Not for the first time in cinema history and surely not for the last, it was interesting to see filmmakers from beyond the pale take on the sort of thing we used to expect from the Dream Factory and outdo it by degrees. Stephen Chow’s funny, frenetic, almost endlessly inventive Journey to the West: Conquering the Demons had zest and ingenuity enough for 10 films, as well as a lampooning streak that didn’t strain to seem urgently hip. Meanwhile Welsh expat turned Indonesian auteur Gareth Evans made the year’s best action film and crime epic by far in The Raid 2: Berandal. Evans will certainly hear the call from Hollywood soon, and part of me hopes he might spread his gospel from such a vantage, but another part of me wants him to stay where he is, creating tropical storms. Paul W.S. Anderson took a thankful time-out from those goddamned Resident Evil things to make Pompeii, a film that was crucified by many on release and a box office bomb, and yet became a quick fetish object for Anderson’s vulgar auteurist fans. Yes, it reminded me why I once thought him an interesting talent: the film’s clunky, clichéd sword-and-sandal first half gave way to a second half that was a sustained study in controlled, ebullient cinematic spectacle.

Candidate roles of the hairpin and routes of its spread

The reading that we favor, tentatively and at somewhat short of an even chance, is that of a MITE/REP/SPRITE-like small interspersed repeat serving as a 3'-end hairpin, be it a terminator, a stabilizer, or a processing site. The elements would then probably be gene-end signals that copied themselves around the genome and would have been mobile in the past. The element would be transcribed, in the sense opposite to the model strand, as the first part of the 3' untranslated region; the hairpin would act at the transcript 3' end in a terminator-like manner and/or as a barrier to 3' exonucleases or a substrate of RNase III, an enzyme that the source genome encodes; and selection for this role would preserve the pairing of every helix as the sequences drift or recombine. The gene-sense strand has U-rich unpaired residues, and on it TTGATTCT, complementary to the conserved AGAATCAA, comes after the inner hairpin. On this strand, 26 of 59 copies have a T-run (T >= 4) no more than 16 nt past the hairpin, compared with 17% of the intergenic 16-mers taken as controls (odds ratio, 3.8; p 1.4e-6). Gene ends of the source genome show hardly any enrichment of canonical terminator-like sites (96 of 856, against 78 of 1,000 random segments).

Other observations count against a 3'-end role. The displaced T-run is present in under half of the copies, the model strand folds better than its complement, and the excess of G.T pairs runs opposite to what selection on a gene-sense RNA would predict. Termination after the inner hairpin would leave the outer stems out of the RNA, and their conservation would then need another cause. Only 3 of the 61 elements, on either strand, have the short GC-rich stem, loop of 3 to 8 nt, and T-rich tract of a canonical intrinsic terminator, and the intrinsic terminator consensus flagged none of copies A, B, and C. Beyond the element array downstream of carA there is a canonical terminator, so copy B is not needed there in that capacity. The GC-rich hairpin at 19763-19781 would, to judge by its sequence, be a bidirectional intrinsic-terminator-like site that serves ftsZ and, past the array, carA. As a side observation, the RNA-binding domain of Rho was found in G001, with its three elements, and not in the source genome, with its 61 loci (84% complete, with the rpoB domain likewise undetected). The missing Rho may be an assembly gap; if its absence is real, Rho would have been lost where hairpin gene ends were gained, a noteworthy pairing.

David Ayers, who gained some notice as a screenwriter and then as director, released two films this year, the fairly well-regarded and successful Fury, and the much-derided Sabotage. I greatly preferred Sabotage, a gamy, vicious, hard-driving revisionist western in cop garb that sported Olivia Williams and Mireille Enos’ in two impressive, blind-siding female performances—you know something’s weird when Williams and Arnold Schwarzenegger counted as one of the best romantic pairings of the year. Fury, by contrast, tried a two-faced game in looking with unvarnished force at the inhuman side of war, and offered a marvellous centrepiece sequence that saw Yankee tank crewmen and two German women thrust together amidst rites of passage and stews of resentment. But then it retreated into a stale and incomprehensible celebration of comradeship that threw away the very point it had been making in favour of a clumsy, ill-conceived action finale. Jaume Collet-Serra, who has made some decent DVD shelf filler in the past, raised his game considerably with Non-Stop, an expertly developed pressure-cooker thriller that slipped into excess by its finale, but along the way used widescreen photography to conduce both claustrophobia and paranoia, expertly charting a drama that concerned not just Liam Neeson’s regulation damaged badass and his electric concerns, but also a small community roused from dozy distraction to group action. Even better was Omid Nooshin’s barely seen Last Passenger, a thriller similarly pitched at first on a level of near-subliminal menace amidst a drowsy romantic comedy, building into an urgent fight for survival with dashes of Spielberg’s Duel (1971), even if, again, Nooshin didn’t quite know how to end it.